When I was One,
I had just begun.
When I was Two,
I was nearly new.
When I was Three
I was hardly me.
When I was Four,
I was not much more.
When I was Five,
I was just alive.
But now I am Six,
I’m as clever as clever,
So I think I’ll be six now for ever and ever.
Pooh Sticks E H Shepard
The Renaissance Mathematicus emerged in cyberspace on 11 June 2009 with the post Who Am I and Why Am I Here? Since then I have celebrated each anniversary with a special post for the occasion. If you click on the links in the numbers in A. A. Milne’s splendid little poem above, you will be taken to the post for the respective year. As is my wont I see such occasions as a time to reflect upon the blog and what it means to me to write it. Today I want to consider what the most important thing that writing this blog has brought me, apart from teaching me how to write at all, and that is membership of a worldwide history of science community.
When I first became interested in the history of mathematics, as a teenager, finding people with whom I could share my enthusiasm was virtually impossible, a situation that didn’t change appreciably as I grew older. This didn’t stop me from boring friends and acquaintances with, in my opinion, exciting tales of Archimedes, Isaac Newton and George Boole on all possible occasions. Finally in the 1980s, as a mature student in Germany, I became part of a small circle of lecturers, professors and fellow students who shared my interests in and enthusiasm for the histories of mathematics, science, technology and medicine, whilst at the same time serving my apprenticeship as a historian in a research project into the history of mathematical logic. In the 1990s I left the university because of health issue and lost my history of science discussion circle for many years returning to history of science isolation.
In 2002, on the occasion of my professor’s sixty-fifth birthday I returned to university circles and found history of science discussion partners, some old, some new. I also became involved in a history of astronomy group in Nürnberg. I’m still involved with the latter but it is very small and very specialised. My contract group at the university gradually dissolved. People moved away, others retired and again I found myself drifting into isolation.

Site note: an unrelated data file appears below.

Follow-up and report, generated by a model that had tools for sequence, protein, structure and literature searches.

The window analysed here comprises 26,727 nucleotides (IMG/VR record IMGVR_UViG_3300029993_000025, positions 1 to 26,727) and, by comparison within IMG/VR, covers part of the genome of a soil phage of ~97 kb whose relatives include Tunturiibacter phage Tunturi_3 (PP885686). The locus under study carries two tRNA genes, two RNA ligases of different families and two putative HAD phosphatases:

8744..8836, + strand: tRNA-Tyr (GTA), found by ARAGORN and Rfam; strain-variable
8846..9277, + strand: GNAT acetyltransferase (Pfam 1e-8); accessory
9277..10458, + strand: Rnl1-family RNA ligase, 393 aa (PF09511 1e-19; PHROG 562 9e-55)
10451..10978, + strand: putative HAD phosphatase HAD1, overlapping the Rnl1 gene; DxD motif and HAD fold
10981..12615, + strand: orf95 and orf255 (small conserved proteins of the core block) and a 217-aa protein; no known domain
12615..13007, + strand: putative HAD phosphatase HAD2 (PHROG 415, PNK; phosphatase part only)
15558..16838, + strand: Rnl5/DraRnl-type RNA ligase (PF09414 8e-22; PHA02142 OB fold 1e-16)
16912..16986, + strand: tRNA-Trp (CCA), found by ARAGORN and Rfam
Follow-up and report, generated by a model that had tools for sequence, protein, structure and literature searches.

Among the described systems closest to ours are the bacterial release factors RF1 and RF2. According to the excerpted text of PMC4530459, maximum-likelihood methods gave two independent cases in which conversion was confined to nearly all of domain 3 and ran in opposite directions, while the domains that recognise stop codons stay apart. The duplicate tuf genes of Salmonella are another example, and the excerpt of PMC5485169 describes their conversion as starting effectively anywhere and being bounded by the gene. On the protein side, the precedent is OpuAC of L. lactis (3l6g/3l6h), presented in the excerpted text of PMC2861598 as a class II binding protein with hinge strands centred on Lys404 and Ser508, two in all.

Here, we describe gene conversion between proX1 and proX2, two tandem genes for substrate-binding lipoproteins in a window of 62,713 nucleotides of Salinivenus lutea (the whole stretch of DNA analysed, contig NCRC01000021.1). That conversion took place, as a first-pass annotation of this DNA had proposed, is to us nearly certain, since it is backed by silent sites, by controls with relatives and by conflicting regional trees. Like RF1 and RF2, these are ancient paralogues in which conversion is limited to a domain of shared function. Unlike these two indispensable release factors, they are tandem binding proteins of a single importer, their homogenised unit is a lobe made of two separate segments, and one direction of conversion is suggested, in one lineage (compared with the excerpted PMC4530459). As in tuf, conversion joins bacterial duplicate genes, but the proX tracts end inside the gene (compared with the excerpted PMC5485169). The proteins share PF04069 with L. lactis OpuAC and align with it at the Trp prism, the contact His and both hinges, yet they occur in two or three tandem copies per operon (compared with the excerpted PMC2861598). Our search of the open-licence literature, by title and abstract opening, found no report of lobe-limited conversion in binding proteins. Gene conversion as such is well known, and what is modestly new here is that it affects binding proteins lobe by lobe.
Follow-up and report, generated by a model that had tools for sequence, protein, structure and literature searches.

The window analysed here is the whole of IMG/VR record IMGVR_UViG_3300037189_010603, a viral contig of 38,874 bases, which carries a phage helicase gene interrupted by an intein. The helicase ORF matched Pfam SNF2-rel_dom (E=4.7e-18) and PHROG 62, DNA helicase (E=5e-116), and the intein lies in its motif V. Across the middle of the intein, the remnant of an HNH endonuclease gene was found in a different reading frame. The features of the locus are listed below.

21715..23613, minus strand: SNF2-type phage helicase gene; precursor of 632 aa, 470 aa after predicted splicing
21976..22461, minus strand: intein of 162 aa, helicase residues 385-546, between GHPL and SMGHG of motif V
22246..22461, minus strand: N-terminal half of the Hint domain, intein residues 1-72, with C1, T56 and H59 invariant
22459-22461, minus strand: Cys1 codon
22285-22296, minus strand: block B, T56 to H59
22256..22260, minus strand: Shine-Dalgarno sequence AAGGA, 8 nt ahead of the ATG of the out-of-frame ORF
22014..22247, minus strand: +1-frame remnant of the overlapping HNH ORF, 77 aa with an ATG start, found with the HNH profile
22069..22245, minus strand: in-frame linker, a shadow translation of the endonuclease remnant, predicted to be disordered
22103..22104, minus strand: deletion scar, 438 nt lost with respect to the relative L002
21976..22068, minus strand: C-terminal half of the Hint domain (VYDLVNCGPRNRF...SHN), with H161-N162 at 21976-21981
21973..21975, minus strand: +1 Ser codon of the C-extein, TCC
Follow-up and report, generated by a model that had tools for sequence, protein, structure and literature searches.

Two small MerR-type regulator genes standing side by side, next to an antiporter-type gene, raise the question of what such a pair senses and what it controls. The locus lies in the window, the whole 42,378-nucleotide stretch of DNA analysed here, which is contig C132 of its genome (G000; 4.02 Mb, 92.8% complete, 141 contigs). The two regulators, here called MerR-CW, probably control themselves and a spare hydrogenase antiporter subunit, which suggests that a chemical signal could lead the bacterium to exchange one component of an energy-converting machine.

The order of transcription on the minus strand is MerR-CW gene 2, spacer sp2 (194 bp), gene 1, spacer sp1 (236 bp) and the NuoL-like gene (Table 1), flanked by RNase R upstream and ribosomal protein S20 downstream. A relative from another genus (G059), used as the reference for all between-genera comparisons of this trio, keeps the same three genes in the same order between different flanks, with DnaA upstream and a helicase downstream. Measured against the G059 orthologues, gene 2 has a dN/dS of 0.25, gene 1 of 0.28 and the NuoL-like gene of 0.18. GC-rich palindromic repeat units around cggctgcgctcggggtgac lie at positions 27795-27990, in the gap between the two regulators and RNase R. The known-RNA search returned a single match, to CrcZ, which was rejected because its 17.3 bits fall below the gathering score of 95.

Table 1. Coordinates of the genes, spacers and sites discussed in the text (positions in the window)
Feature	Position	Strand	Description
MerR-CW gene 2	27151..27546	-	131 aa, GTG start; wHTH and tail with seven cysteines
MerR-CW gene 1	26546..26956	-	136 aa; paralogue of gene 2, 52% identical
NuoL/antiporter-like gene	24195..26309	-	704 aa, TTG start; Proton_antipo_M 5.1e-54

Things first began to change as I entered the Internet and discovered web sites dealing with various aspects of the history of science and really took off when I began to blog myself. Over the last six years through this blog and my activities managing On Giants’ Shoulders the monthly history of science blog carnival, my presence on Twitter and in the last year as editor of the weekly #histSTM links list Whewell’s Gazette I have become a fully integrated member of a literally world spanning network of historians of science, technology, mathematics, medicine, cartography, alchemy, astrology etc. etc. Professionals and amateurs, professors and lecturers, students, postgrads and postdocs, passionate addicts like myself and people with a casual or even passing interest all are present and all are more than welcome. I can sit at my control centre, my trusty iMac, and whilst I drink my early morning tea communicate with the other members of this wonderful network in India, Australia, North and South America, Africa and all the countries of Europe. Whilst totally isolated in my small flat in Middle Franconia I am more connected to the world of #histSTM than I have ever been, in a way that I could not have begun to imagine thirty years ago.
The Internet #histSTM community is my extended family and I own all of its members more than I can ever repay. I won’t name names otherwise this will become my longest post ever but I will say thank you to each and everyone of you and I hope we will share many more anniversaries here at the Renaissance Mathematicus.
 A. A. Milne, Now We Are Six, Methuen, 1927